Ellen G. White Writings

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Gospel Temperance Work, Page 11

organization in temperance lines. It would be a good thing if at our camp meetings we should invite the members of the W.C.T.U. to take part in our exercises. This would help them to become acquainted with the reasons of our faith, and open the way for us to unite with them in the temperance work. If we will do this, we shall come to see that the temperance question means more than many of us have supposed.

In some matters, the workers of the W.C.T.U. are far in advance of our leaders. The Lord has in that organization precious souls, who can be a great help to us in our efforts to advance the temperance movement. And the education our people have had in Bible truth and in a knowledge of the requirements of the law of Jehovah, will enable our sisters to impart to these noble temperance advocates that which will be for their spiritual welfare. Thus a union and sympathy will be created where in the past there has sometimes existed prejudice and misunderstanding. I have been surprised as I have seen the indifference of some of our leaders to this organization. We cannot do a better work than to unite, so far as we can do so without compromise, with the W.C.T.U. workers.

We have a work to do along temperance lines besides that of speaking in public. We must present our principles in pamphlets and in our papers. We must use every possible means of arousing our people to their duty to get into connection with those who know not the truth. The success we have had in missionary work has been fully proportionate to the self-denying, self-sacrificing efforts we have made. The Lord alone knows how much we might have accomplished if as a people we had humbled ourselves before Him and proclaimed the temperance truth in clear, straight lines—Gospel Workers, 384-85.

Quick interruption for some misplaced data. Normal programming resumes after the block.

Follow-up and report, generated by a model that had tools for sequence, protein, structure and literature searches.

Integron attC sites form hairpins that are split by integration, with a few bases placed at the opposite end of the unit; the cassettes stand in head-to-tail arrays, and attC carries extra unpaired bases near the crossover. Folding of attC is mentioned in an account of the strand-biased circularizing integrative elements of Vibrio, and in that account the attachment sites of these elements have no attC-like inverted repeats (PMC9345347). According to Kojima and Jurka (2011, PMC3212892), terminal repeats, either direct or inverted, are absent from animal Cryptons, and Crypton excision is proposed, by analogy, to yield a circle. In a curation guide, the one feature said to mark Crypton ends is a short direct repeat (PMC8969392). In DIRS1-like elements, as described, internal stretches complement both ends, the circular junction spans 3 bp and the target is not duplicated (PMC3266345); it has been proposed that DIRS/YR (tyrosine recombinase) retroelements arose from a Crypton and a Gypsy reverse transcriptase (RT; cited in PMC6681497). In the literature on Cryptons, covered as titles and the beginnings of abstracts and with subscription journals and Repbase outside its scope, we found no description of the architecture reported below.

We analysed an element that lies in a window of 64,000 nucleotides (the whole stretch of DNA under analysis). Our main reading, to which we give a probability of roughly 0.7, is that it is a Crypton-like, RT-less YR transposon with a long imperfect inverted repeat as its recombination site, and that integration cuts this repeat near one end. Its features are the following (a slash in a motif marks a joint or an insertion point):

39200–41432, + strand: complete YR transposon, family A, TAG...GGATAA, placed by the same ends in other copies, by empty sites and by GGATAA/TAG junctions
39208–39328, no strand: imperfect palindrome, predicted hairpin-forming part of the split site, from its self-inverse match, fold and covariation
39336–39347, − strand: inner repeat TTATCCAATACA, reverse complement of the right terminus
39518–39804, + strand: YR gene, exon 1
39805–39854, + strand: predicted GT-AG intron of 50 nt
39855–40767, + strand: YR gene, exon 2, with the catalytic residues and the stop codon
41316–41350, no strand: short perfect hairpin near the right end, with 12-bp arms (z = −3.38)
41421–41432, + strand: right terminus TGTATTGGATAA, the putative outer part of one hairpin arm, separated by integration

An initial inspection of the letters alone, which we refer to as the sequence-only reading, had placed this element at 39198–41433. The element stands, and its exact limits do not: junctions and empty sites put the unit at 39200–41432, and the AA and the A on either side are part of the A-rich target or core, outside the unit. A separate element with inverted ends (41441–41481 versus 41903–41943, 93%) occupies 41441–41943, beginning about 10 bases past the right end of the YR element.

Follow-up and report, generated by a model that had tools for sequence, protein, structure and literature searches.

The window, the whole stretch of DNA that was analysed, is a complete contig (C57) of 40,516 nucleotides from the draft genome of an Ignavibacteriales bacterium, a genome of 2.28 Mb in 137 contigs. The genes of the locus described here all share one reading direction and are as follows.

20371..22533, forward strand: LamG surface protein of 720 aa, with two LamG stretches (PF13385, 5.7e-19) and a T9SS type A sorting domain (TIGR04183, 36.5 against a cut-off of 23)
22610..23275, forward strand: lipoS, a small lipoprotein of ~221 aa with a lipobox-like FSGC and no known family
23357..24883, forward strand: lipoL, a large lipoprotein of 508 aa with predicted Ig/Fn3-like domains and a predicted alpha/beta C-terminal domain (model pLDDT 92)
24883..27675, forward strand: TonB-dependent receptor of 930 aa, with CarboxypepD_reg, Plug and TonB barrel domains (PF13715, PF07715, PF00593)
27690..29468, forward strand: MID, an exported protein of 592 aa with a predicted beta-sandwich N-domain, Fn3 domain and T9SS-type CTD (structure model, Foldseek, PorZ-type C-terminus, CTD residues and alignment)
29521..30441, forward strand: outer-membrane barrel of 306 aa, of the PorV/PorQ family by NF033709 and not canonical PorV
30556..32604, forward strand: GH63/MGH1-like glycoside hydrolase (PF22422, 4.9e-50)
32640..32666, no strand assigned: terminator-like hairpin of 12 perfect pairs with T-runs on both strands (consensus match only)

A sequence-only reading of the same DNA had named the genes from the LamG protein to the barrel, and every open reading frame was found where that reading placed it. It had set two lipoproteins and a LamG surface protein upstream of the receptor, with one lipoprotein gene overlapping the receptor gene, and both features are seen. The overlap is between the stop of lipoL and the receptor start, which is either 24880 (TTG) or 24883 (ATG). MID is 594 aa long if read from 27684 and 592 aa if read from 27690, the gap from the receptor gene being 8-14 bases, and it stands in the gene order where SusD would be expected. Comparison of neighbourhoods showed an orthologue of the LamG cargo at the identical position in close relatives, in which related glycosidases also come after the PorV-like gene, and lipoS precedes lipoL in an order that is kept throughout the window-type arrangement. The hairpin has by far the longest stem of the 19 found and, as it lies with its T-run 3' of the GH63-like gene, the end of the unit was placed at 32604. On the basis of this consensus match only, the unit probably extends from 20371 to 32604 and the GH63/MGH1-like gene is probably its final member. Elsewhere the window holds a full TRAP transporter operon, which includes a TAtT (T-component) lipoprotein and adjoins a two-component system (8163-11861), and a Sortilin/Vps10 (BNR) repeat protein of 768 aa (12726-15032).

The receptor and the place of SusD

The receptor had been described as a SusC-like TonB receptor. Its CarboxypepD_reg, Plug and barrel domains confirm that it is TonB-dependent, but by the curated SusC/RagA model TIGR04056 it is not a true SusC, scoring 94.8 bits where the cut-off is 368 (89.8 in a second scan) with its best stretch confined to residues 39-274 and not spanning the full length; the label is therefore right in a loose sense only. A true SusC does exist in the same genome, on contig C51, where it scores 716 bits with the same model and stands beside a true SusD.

Early Experiences in Co-Operation

In our labors together, my husband and I always felt that it was our duty to demonstrate in every place where we held meetings that we were fully in harmony with the workers in the temperance cause. We always laid this question before the people in plain lines. Invitations would come to us to speak in different places on the temperance question, and I always accepted these invitations if it was possible.—Loma Linda Messages, 262.

Should be at Head in Temperance Work

I feel distressed as I look upon our people and know that they are holding very loosely the temperance question....

We should unite with other people just as far as we can and not sacrifice principle. This does not mean that we should join their lodges and societies, but that we should let them know that we are most heartily in sympathy with the temperance question.

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